No nada

What are you looking for? Some variety of clover? Not sure? I know what you mean. So many species, so much confusion. But consider this—most clover leads to disappointment and regret and, in the end, nothingness.

This series is for those who, whether they know it or not, are actually pursuing Paradise. And they’re doing so in a wonky world. Keep looking. Don’t give up. The search can be an amazing adventure, but it’s also time sensitive. None of us knows how much time we have left to find the real stuff. The clock is ticking. Let’s go.

If this clover idea intrigues you, please comment below. I’d love to hear from you.

Looking for paradise? Just imagine.

I pity those who have no interest in imagining worlds beyond our own. Who think hobbits and dwarves and wizards and magical forests and castles and kingdoms and princesses and courage and adventure and quests and elves and beauty are for nerds and misfits.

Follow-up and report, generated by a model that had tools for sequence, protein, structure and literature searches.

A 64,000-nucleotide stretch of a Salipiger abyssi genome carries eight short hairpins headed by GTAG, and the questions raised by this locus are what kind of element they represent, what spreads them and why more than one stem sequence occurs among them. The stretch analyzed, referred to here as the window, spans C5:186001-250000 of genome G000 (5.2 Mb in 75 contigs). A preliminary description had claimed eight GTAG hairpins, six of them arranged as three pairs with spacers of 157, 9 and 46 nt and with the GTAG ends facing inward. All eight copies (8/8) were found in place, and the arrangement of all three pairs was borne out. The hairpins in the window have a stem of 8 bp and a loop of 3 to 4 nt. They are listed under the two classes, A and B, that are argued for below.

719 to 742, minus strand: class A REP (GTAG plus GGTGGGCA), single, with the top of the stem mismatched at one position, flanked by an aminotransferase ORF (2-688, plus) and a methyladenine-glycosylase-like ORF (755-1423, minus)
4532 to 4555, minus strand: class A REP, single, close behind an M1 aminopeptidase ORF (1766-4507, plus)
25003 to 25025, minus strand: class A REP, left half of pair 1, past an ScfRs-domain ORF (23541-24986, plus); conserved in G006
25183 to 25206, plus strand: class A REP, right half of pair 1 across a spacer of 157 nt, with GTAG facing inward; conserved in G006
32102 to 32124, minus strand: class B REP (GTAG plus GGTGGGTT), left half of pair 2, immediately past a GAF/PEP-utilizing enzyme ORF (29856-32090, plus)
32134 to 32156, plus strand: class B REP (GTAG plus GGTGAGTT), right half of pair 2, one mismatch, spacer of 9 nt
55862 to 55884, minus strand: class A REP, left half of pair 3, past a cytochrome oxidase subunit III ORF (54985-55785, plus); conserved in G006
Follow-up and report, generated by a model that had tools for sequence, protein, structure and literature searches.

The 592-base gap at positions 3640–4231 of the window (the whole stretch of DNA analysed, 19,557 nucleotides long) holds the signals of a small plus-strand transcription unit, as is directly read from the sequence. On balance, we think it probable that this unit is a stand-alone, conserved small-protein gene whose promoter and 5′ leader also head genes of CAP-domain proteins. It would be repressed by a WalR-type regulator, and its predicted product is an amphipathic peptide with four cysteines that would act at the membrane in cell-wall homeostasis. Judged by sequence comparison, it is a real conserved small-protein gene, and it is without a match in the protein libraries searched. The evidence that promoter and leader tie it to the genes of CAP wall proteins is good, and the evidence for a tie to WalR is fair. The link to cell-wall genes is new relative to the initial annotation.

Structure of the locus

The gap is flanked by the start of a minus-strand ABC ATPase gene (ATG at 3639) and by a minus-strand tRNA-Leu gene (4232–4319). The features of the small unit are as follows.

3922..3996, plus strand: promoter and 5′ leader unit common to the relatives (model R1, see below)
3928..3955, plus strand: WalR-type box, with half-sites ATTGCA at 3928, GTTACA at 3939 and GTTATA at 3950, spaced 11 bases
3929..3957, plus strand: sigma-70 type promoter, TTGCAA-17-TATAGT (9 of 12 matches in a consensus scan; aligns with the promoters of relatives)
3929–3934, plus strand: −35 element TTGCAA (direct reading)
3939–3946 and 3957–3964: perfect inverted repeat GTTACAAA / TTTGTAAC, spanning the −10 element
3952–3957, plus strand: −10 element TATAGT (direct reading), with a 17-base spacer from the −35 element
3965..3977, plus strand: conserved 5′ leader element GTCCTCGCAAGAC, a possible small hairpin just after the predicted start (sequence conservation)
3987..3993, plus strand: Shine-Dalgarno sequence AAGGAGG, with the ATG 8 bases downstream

As wonderful as our world is—with its waterfalls and mountains and trees and caterpillars and caves and interesting people and cities and seas and reefs, there is something missing. Something magical the world once had, but has lost. This lost magic is what I long for.

Whispered secrets

If I were to wander into an ancient glade with sunlight trickling through leaves to warm a spot of clover upon to lie, I would listen to wind caresses in boughs and trilling leaves. If I could do this while breathing deeply of wood and earth, I might slumber and dream of whispered secrets of what was lost.

Narnia Woods, near the The Kilns, C.S. Lewis home, uber doofus 2004

It’s as if our world, having surrendered to imperfection, endures as a pale reflection of its creation. It became dark and wild and fierce, and paradise fled. The reflection is discernible, but the magic is found only through imagination. That is, until the end when the world is reborn and made young again, and the magic returns and abides forever.

If this article encourages you, please comment below. I love feedback.